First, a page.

Given how ubiquitous pizzerias are in this country and this state, a Martian or a time traveler might come to the conclusion that we ate nothing else. There are probably more pizza parlors per citizen in the United States than in Italy. So perhaps it is no surprise that “the best pizza”, it is a hotly debated issue. Arguments concerning the merits of brick ovens, wood-burning ovens or charcoal-fired ovens contend with the adherents of thin, medium or thick crusts. Then there is Pizzeria pizza versus homemade. And we haven’t even whispered the word “anchovies” yet. Connecticut has developed its own pizza nomenclature. In this state alone, an alternative word for the pie is apizza, pronounced ah-beetz.
Pizza has a cyclical history. It was originally a fast food sold on the street by vendors with warming trays in wooden carts. Antica Pizzeria Port’Alba in Naples, which is credited as being the world’s first pizzeria, was built by one such street vendor who constructed his pizzeria’s oven with the volcanic stones of Mount Vesuvius in the mid 19th C, is still in operation. When the soldiers returned home from WWII with a taste for pizza and other Italian staples, their popularity spread across the country. In recent years, pizza has once again become a fast food available from food trucks on the streets of cities.
While it is generally conceded that the first U.S. pizzeria was opened in New York City in 1905, Connecticut has played a significant role in the development of our taste for pizza. In 1925, WWI veteran Frank Pepe, born on the Amalfi Coast, opened his Pizzeria Napoletana in New Haven. His first offerings were an anchovy covered crust and one called “plain” which meant the crust was sprinkled only with Pecorino Romano. Tomato sauce played no role. Eleven years later, Frank built a tile-covered, coal-burning pizza oven with temperatures up to 650ºF. Using high quality local ingredients, Frank invented the famous Connecticut “white clam pie”. Two years later, Frank’s nephew, Sally, opened another pizzeria. Between the two restaurants, the pizza options began to include mozzarella, tomatoes, bacon, sausage, mushrooms, onions, peppers, olives, and pepperoni. Both restaurants are still making their pizzas today to the great pleasure of their customers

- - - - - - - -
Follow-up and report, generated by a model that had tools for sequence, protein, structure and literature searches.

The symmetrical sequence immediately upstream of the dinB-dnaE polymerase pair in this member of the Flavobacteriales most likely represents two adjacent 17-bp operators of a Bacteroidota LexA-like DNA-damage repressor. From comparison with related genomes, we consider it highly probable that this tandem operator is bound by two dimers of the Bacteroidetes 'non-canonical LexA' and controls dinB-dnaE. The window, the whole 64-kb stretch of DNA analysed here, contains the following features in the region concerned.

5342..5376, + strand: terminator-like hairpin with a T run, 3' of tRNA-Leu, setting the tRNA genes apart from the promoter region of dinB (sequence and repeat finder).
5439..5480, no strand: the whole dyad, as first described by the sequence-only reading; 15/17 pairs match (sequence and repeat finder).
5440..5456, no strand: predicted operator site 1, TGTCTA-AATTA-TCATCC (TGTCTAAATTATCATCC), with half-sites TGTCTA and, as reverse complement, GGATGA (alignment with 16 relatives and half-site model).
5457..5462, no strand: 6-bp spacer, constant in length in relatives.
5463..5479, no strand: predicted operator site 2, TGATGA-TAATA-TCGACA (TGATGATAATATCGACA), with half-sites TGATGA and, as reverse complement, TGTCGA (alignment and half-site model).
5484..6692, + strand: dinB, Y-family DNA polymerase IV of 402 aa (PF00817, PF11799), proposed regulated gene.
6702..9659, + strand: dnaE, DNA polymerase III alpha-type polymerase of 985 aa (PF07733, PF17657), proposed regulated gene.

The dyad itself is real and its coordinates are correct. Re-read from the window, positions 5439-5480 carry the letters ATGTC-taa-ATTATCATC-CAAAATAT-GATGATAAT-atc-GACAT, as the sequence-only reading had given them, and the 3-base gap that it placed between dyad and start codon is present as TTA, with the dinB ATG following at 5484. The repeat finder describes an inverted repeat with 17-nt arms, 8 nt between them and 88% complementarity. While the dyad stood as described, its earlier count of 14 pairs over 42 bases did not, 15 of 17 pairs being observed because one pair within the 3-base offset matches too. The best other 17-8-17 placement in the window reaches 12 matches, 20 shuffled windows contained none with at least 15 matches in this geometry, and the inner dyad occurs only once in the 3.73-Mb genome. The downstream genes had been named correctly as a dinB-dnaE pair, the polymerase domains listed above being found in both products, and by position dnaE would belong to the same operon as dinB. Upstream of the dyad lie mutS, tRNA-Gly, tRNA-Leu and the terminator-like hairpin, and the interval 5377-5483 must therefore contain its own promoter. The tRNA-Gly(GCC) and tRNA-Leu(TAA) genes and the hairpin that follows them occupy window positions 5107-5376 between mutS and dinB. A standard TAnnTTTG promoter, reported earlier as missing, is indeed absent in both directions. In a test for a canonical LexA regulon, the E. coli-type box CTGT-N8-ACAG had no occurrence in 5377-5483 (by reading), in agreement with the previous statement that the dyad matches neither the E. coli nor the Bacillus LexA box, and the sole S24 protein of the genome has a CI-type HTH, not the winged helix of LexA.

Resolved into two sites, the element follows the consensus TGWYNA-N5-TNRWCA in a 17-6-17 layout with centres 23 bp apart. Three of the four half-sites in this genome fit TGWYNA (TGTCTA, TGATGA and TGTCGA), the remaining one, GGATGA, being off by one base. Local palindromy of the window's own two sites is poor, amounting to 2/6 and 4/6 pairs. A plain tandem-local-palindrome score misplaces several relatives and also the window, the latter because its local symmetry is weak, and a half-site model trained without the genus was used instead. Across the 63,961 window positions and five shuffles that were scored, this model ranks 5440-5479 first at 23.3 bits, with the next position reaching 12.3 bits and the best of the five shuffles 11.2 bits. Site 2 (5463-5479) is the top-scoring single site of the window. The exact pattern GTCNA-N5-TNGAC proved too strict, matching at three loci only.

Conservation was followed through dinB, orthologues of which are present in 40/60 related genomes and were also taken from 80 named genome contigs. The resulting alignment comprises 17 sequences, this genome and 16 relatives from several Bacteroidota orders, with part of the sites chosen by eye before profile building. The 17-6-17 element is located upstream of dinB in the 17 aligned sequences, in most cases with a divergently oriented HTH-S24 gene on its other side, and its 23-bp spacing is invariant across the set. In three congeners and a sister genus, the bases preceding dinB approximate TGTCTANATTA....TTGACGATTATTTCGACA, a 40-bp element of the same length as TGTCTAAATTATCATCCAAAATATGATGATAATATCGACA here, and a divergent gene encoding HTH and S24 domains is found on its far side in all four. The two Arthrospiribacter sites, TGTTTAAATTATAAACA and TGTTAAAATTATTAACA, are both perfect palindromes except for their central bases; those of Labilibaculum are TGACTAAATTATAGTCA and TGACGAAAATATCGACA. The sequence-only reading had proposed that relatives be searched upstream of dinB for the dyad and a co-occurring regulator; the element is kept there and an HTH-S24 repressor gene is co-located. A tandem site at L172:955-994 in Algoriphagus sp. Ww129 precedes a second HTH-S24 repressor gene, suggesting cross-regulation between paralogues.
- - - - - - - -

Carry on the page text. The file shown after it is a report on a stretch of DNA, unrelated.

Thanks to a burgeoning interest in the homemade, both the tools and the necessary ingredients for great pizza are available everywhere. It is not, however, necessary to spend a lot on fancy equipment. Pizza stones produce lovely results, but are not necessary to gain the incredibly delicious flavor of a homemade pizza straight from your oven. The wooden paddle used to slide the pizza from assembly platform to oven is called a peel. It is awkward in the hands of an amateur. You can produce a scrumptious pie with a simple metal pizza pan. You can, but don’t have to make your own crust. Local groceries sell frozen pizza dough. But making the dough is half the fun, so don’t deny yourself the pleasure: https://www.youtube.com/watch?v=rl5X3mEzETU
October is National Pizza Month. You have a whole month to practice a few. I threw away my first attempt at dough. My second dough was much better. An Italian friend listened to the instructions I was following and laughed. Forget the 500º plus oven. Forget assembling the pie on the counter, transferring first to the peel paddle and then to the preheated pizza stone or pan. You can stick with the more traditional tomato sauce and mozzarella or can experiment with all that fresh produce we have now. Here are a few more video links with a bit more practical assistance to offer: https://www.youtube.com/watch?v=AbkfDqA8yKg and https://www.youtube.com/watch?v=b5fmWs5EJDA .
In our recipe today, Tri-Pizza Perfetto, the dough is from one offered in the New York Times by Roberta’s in Brooklyn. The toppings are divided into three groups in hopes of pleasing everyone around the table, one third is vegetarian with a tomatillo salsa verde base, one third is pepperoni, mozzarella on a tomato sauce, and the final third is a tomato sauce topped with sausage and Pecorino Romano. As always the entire point is to produce healthy food that tastes good and is fun to make.
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